After the launch of the New York Public Library’s J.D. Salinger exhibit, Rod Meade Sperry reflects on how the author and his characters reckoned with Buddhism and spirituality.
There is much to say about J.D. Salinger. He was a groundbreaker, he was reclusive, he was complex, he was unquestioningly talented and influential, and on and on; much of it true, plenty of it colored by myth. (And as a couple of readers have noted, there’s a darkness that shouldn’t overlooked, as it was by me when I first published this story a couple of days ago: Salinger has been credibly accused of alleged abuses.)
We can’t know the whole Salinger story. But we’ll have a lot more to chew on thanks to the New York Public Library’s just-opened retrospective/exhibit about the author behind The Catcher In the Rye and — truly — so much more than that book. Catcher may be his most famous work, but Salinger did take care to make his later writings go beyond.
The brooding Holden Caulfield is Salinger’s most famous creation, but the author’s heart seemed to reside with the Glass family, through which he weaved the fictional and autobiographical, projecting some version of his life/mind as refracted through the family’s characters. Which one was Salinger? The better question may be, which weren’t?
The exhibit seems like confirmation that Salinger was, at least on some level, dedicated to expanding his mind and heart.
It was through Zooey Glass — he of Salinger’s 1957 novella, Zooey, later packaged with 1955’s “Franny,” as Franny & Zooey in 1961 — that I first really encountered the idea of the bodhisattva, the aspirant who vows to save all beings, forgoing their own enlightenment and working for that of everyone else. That was in the 1980s; I was probably fifteen. And certainly not unique: the number of people who’d had the same introduction (many also as younger readers) was already incalculable just years after Franny & Zooey’s release. Salinger had become a big deal, fast. Suddenly, the bodhisattva had gotten a pop-culture boost.
The NYPL exhibit gives us a peek into the author’s own aspirational mind. As this excellent New York Times piece notes,
Some [exhibit] items give new insights into Salinger’s creative process. Others offer a rare window into his private life. There are notebooks where he jotted down passages from spiritual texts he was studying. There are shelves of books that he kept in his bedroom at the end of his life because he wanted them to be close at hand: titles about Eastern medicine and acupuncture; books by Agatha Christie, Arthur Conan Doyle, Michael Gilbert, Ivan Turgenev, Penelope Fitzgerald and Anton Chekhov; and spiritual tomes from Hindu, Taoist, Christian Science and Zen Buddhist traditions.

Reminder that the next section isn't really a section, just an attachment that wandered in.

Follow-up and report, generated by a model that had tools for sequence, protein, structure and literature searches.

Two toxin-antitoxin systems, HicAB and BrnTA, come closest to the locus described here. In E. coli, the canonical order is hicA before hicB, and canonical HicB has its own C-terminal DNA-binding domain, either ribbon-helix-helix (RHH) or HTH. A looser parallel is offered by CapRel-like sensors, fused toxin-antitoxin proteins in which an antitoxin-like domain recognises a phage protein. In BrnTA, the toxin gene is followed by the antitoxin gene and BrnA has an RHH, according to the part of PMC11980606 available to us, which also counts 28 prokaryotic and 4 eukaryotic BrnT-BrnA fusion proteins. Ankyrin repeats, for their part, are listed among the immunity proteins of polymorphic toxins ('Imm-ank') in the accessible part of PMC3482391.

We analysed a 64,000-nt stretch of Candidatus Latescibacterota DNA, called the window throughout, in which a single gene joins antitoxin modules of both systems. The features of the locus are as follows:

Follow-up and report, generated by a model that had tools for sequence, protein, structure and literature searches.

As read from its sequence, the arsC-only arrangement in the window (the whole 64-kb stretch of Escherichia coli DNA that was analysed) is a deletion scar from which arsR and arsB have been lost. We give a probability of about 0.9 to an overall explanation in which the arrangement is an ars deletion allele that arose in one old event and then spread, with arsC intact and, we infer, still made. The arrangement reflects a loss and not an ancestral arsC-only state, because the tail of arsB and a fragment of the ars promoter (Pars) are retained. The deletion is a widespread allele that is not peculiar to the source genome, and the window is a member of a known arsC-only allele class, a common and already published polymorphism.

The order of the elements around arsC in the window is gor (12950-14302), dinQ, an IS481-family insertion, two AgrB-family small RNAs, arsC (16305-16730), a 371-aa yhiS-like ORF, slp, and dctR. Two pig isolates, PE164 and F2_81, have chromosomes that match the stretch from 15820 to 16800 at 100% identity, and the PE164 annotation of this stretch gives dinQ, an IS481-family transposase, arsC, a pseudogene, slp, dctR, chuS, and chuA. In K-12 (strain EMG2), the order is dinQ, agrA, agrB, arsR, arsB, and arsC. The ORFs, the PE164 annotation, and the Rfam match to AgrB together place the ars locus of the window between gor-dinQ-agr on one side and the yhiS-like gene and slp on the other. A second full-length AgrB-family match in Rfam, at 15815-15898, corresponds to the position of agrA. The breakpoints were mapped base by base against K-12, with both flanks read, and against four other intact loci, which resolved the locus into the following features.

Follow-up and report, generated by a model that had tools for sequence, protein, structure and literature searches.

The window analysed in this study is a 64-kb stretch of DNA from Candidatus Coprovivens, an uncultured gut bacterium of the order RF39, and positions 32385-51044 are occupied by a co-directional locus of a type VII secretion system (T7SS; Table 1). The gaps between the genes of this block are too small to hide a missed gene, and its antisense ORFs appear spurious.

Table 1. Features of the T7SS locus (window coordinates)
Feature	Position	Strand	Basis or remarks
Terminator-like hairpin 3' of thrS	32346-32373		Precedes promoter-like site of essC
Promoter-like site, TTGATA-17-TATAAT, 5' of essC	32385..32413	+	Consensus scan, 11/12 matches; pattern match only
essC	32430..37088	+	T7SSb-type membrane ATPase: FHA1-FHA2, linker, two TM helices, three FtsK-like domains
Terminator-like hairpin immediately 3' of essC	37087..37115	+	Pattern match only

And visitors of the exhibit (and of that Times link) will see, too, Salinger’s own spiritual writings, in the form of his journals. The text we see on one open page includes what appears to be Salinger’s own typed copying, for his own record, of a Zen text:
Huang Po, p. 65**
The Elder Wei Ming climbed to the summit of the Ta Yu mountains to visit the Sixth Patriarch. The latter asked him why he had come. Was it for the robe or for the Dharma? The Elder Wei Ming answered that he had not come for the robe, but only for the Dharma; whereupon, the Sixth Patriarch said: “Perhaps you will concentrate your thoughts for a moment and avoid thinking in terms of good or evil.” Ming did as he was told, and the Sixth Patriarch continued: “While you are not thinking of good and not thinking of evil, return to what you were before your father and mother were born.” Even as the words were spoken, Ming arrived at a sudden tacit understanding.
As for the rest of us? We may never have a true understanding of the person who was compelled to dutifully re-type those words, but it’s exciting to have further confirmation that Salinger was at least on some level dedicated — maybe even Zooey-like — to expanding his mind and heart. That said, we would still do well, when assessing Salinger, to remember his abuse accuser Joyce Maynard’s admonition, that “There is art, and there are artists. Let’s not confuse the two.”
The NYPL says about the exhibit that it’s “a rare glimpse into the life and work of author J.D. Salinger with an exhibition of manuscripts, letters, photographs, books, and personal effects drawn exclusively from Salinger’s archive. This will be the first time these items — on loan from the J.D. Salinger Literary Trust — have ever been shared with the public.” The exhibit runs through January; get more details here.
** A quick look confirms that the passage Salinger was moved to retype can be found on page 65 of The Zen Teaching of Huang Po, as rendered into English by John Blofeld and first published in 1958 by Grove Press. Its cover is included in the LionsRoar.com article, “11 Buddhist Book Covers That Went Pop!”